Indeed, the ‘sudden joyous turn’ that Tolkien famously said comes from fairytale can, interestingly, happen at any moment in a Lafferty story: beginning, middle, or end—and sometimes more than once in a story. Lafferty’s tales are replete with ‘eucatastrophe’. (This was Tolkien’s coined phrase for the Good Catastrophe or Happy Ending.) The ‘eucatastrophic’ quality in Lafferty often makes us giddy with glee, shuddering at the touch of that ‘joy from beyond the walls of the world’ that ‘passes outside the frame’, that ‘rends the very web of story, and lets a gleam come through’ (to again borrow from Tolkien). Its pervasiveness in the very storytelling itself is why it can be strongly present even in one of Lafferty’s tales that ends ambiguously or grotesquely (as they usually do).

Lafferty 'shocks us more fully awake than we are for most of our lives'
The invading joy of Lafferty’s stories is not usually reassuring, but rather is at once both mischievous and mythopoeic, disconcerting us even as it astounds us and makes us laugh. Lafferty’s stories have the potential to make us really question our current mental construct of reality and experience an honest moment of reflection in which we can ask: is the world WAY bigger and weirder than I thought?

Surely Lafferty’s writing fulfils to a unique depth and degree what C. S. Lewis said is the effect of the mythopoeic on the reader or hearer:

‘It goes beyond the expression of things we have already felt. It arouses in us sensations we have never had before, never anticipated having, as though we had broken out of our normal mode of consciousness and “possessed joys not promised to our birth.” It gets under our skin, hits us at a level deeper than our thoughts or even our passions, troubles oldest certainties till all questions are reopened, and in general shocks us more fully awake than we are for most of our lives.’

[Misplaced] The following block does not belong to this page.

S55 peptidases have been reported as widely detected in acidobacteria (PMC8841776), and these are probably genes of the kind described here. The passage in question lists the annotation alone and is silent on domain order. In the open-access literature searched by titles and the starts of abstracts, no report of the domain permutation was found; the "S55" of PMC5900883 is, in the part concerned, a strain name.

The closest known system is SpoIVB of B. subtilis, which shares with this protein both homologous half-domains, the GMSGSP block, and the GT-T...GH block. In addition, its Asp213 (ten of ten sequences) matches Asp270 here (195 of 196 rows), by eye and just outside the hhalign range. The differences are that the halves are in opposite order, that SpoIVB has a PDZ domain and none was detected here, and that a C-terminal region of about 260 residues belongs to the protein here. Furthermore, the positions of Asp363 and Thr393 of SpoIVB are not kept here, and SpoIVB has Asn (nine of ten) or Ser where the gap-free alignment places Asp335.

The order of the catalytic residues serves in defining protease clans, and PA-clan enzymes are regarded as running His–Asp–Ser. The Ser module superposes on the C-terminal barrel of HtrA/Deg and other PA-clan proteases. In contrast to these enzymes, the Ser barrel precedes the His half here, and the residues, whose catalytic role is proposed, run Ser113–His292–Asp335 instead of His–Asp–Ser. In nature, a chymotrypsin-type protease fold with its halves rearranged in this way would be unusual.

-George MacDonald: an Anthology (1947)

Thudding Hearts, Expanding Minds, Aching Sides
These qualities are what make Lafferty’s wild invention not merely ‘comic fantasy’, but true ‘sub-creation’ of a sort (to yet again borrow one of Tolkien’s coined terms)—though it also inevitably makes us laugh, mostly with heart-jumping joy. And, make no mistake, this is a deep, musky, wild joy with teeth and tusks and woolly hide!

This, of course, readily and redly bleeds into the other thing Lafferty’s stories can do to us: tickle us pink with all the comedy and jokery: low humour, high humour, wry humour, dry humour, sly humour, bad humour, dad humour, farce, carnivalesque, comedic grotesquery, clowning around, puns, punch-lines, slapstick, satire, sarcasm, irony, absurdity—at which we, by turns: giggle or guffaw; chuckle or knee-slap; snigger or roar; snort or cackle; feel-the-ghost-of-a-smile-play-at-the-corners-of-our-mouths or hold-our-sides-and-shake-with-laughter-to-the-point-of-tears; ‘heh heh’ or ‘HAW HAW’.